Developer Pixelated Milk doesn’t want to tell you which of those sides you should be on, but it would like you to have an opinion by the time you’re done with its game. Preferably it’ll be a nuanced opinion, learned from actively engaging with the minutiae of a very real tragedy.
But Pixelated Milk also doesn’t insist you go in wanting to engage on that level. The developer wants Warsaw to be, first and foremost, a compelling game (if not a traditionally ‘fun’ one). It draws most heavily on Darkest Dungeon, nabbing that game’s micro-scale battles, near-constant challenge, lingering ill effects after battle, permadeath and Damocles’ Sword sense of doom. It has its own ideas sprinkled in, too – there’s some interesting thinking around changeable squad formations and cover mechanics, for instance. It is, unsurprisingly and appropriately, impassively difficult.
It also throws in small moments of risk-reward exploration (across maps drawn directly from 1944 Warsaw, right down to some of the stores in its shopping districts) and choose-your-own-adventure decision making. The overall structure feels close to something like XCOM 2 or The Yawhg – you have 63 days with which to build your resistance, scavenge what you can, and beat back the Nazis as much as possible. You’re constantly making choices knowing that you’ll simultaneously be expending other opportunities, always knowing something terrible is coming. It’s a modern tactics game, not an interactive history book.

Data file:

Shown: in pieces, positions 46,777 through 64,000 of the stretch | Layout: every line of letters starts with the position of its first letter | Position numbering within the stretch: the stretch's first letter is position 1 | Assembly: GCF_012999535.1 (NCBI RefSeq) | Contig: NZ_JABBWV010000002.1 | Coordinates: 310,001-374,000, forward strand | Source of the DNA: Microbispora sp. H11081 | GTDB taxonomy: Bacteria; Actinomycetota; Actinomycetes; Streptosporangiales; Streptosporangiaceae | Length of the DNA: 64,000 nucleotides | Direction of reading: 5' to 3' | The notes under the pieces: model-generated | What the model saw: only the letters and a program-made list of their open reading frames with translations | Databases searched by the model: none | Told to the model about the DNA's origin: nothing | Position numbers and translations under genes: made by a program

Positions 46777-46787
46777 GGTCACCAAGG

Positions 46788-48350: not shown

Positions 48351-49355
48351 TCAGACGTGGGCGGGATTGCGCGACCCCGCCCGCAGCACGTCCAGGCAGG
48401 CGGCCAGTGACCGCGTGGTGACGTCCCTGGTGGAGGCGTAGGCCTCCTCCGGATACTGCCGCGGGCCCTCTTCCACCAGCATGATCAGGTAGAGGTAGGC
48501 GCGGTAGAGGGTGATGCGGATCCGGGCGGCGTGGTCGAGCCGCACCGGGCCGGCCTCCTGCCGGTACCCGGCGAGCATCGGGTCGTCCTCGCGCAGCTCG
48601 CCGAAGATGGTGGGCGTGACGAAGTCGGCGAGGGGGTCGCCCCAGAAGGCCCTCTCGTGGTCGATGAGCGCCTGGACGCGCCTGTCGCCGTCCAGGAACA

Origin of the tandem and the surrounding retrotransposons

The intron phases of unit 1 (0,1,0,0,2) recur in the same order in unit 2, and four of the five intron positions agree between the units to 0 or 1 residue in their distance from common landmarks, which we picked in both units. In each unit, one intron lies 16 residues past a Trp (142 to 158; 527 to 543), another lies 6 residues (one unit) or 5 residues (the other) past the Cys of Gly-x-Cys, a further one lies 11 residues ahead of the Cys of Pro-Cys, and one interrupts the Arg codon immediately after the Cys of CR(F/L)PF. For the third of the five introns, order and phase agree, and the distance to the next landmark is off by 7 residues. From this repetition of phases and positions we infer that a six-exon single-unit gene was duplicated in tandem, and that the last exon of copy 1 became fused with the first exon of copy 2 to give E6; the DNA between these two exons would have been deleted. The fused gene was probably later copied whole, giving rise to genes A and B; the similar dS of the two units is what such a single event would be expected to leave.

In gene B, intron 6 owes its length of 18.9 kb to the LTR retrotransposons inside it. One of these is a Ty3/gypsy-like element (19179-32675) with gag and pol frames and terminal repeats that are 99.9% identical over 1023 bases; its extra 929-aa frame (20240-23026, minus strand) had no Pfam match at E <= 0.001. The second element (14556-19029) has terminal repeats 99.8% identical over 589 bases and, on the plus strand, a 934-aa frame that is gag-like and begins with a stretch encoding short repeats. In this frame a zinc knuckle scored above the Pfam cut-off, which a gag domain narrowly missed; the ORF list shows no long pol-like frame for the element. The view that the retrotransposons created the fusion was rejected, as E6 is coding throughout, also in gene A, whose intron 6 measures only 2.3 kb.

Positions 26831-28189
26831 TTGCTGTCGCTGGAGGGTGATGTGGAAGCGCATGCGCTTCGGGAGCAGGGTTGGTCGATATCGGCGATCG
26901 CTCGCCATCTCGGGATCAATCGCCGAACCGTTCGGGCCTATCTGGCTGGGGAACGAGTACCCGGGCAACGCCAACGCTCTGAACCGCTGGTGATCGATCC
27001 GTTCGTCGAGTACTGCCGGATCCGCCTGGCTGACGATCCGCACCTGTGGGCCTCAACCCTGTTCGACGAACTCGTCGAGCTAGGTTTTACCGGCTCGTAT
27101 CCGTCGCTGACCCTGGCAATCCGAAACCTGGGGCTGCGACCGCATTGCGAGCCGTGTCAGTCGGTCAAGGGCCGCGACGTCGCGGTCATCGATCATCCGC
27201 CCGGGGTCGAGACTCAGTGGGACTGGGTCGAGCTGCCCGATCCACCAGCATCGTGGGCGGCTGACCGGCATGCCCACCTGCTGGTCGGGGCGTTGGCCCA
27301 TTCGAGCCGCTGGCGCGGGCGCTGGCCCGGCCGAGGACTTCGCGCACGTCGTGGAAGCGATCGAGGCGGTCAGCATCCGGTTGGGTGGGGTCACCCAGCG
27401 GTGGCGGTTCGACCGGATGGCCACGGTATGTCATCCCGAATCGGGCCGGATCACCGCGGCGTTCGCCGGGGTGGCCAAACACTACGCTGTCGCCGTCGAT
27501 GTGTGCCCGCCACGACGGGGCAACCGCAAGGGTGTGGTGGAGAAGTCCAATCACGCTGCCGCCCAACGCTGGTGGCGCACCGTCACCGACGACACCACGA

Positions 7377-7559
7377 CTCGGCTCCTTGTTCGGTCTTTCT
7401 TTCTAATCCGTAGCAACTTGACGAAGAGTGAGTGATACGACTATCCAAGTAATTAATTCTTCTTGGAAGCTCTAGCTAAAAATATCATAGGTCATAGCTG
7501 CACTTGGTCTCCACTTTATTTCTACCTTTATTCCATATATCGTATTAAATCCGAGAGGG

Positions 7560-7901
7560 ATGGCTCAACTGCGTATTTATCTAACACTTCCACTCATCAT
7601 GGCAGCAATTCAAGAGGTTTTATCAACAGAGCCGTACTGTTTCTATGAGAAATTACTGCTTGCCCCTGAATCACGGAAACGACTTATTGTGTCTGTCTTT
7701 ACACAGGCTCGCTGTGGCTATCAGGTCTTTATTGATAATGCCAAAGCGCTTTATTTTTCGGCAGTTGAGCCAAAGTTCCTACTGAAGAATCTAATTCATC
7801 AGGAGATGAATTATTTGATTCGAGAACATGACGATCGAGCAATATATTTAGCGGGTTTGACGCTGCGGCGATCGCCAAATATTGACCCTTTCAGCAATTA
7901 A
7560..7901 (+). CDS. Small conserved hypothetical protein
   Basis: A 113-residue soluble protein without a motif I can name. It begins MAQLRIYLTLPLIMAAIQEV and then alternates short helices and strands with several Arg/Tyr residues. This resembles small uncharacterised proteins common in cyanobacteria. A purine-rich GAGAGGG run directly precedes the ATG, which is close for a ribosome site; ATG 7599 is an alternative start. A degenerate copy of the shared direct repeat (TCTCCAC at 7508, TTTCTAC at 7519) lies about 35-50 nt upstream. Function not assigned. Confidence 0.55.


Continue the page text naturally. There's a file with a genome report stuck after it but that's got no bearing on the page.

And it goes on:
But it’s a modern tactics game built into a historical context. Warsaw is thick with facts: the locations are correct; the timescale (and the events along it) correspond to real life; weaponry and clothing choices are accurate. The only concession to game-iness is in its fictional characters – created to spare any pain for descendants of the real-life freedom fighters – but even they’ve been formed out of diary entries and accounts from the time in order to feel authentic. By simply paying attention to the game you’re learning, little by little.
And if you become truly engaged, you’ll even be able to follow historical threads by choosing to engage with side-quests. For instance, I’m hugely interested in how the game engages with the fact that the Soviet army refused to aid the fight against the Nazis, choosing to let Warsaw burn rather than help it become a western-controlled city in victory. It’s close to what some of my own relatives dealt with not too far away, and Warsaw includes an optional plotline that explores that idea, letting me choose to learn more while playing more. It’s a history lesson built onto the foundations of a game mechanic.
For some, all of this will be too much – too grim, too challenging, too grounded, even. I don’t get the sense that Pixelated Milk minds all that much. Warsaw is a story that should be told, but told in the right way – this feels right to me.
Joe Skrebels is IGN’s UK Deputy Editor. Follow him on Twitter.